You've seen 'em. Many web sites use them.
Some web sites have to use them because they have no other way to track their numbers. And
some web sites use them, but hide the results.
are they even there? For any number of reasons...
- To check the popularity of a particular page/subject
- To illustrate popularity of a topic/band/ etc.
- For advertising purposes (much the same way as a newspaper
prints it's circulation), etc.
Why don't all web sites use them? These reason vary,
- They take extra time to load to the page (really, a
miniscule amount of time.)
- They aren't always reliable (see more info below)
- To a lot of visitors it doesn't make a difference,
("they're there, because they're there")
- They use a different tracking method, etc.
- Many consider that information to be private
- In most developement circles, these days, they are
The Henry County Web uses two methods of evaluating its
number of visitors:
- We use Web Reports generated by the server. By far the most
reliable, these reports also provide other demographics, anonymously, such as the country
of origin, whether those accessing the site use a particular ISP (Internet Service
Provider) and how many minutes they spent visiting. (As currently set, it DOES NOT tell me
anyone's screen name or email address. We're not that intrusive. We recognize that if you
wanted us to know all that information, you would provide it voluntarily.)
For example, one of the things we know from our web
reports is that on any given day or month, 50-80% of you don't enter through the main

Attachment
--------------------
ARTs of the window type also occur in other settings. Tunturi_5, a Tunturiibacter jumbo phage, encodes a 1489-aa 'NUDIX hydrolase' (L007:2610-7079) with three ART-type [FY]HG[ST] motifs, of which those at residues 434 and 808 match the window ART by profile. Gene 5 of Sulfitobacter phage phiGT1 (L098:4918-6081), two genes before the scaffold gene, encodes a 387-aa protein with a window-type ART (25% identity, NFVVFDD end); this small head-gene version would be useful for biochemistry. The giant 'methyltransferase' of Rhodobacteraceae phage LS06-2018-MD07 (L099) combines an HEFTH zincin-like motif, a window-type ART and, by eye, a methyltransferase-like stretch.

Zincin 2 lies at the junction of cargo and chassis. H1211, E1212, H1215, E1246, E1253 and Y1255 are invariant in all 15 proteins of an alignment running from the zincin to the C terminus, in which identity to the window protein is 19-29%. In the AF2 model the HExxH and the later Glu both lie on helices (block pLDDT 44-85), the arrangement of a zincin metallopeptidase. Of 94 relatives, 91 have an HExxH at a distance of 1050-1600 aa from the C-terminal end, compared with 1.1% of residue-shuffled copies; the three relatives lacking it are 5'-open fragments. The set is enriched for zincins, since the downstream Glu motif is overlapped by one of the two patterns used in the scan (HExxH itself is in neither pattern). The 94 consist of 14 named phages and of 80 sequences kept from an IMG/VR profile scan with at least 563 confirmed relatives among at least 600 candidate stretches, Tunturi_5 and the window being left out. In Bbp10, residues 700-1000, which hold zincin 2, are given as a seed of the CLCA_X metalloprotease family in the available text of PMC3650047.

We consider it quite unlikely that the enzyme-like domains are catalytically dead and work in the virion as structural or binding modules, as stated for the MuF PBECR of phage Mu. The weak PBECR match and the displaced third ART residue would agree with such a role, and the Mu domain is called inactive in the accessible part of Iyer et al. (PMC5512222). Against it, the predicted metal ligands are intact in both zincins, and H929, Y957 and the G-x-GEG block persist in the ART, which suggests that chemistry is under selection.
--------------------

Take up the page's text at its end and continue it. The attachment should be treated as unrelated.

page. You have your favorite pages and enter them directly. (You should visit the main
page though, some of the most current information and additions can be found there and
here, in "What's New".)
- We also consider your feedback. Not all visitors have time
to write us, but we do hear from many of you and we enjoy that best of all!
Counters can record "visitors" or
"hits." Many folks don't know what the difference is; even some web site owners
don't understand the difference. A "visitor" is an actual individual, recognized
by their ISP address (and our web reports). A single visitor can visit several times in a
24-hour period and they are still a single visitor. They can visit 1 page or 50 pages, but
they are the same visitor. A "hit" is any page and/or it's elements that are
downloaded to a visitor's computer (a single page with 10 graphics or other
"elements" would equal 11 "hits"). In many cases, if a page is
"reloaded" or re-visited those "hits" repeat--so 11 can quickly become
22, 33, 44, and so on...even if it's one person "hits" and byte transfers* can soar into the thousands.
Here's one more thing FYI regarding counters. Through
various programs it is possible for a web site designer/CGI program author to preset the
counter with a self-determined starting number--2,000; 20,000; etc. Sometimes these are
deliberately fictitious; sometimes it's done to add previous month's numbers when a
counter is restarted. It is also possible in some cases to program a counter to trip 4
numbers or more for a single visitor or hit. This doesn't happen very often, but it does
(By the way, *Bytes
Transferred has to do with the size of files, nothing to do with visitor numbers.)
Visit a site because you like it, not because a counter
implies that it's "hot."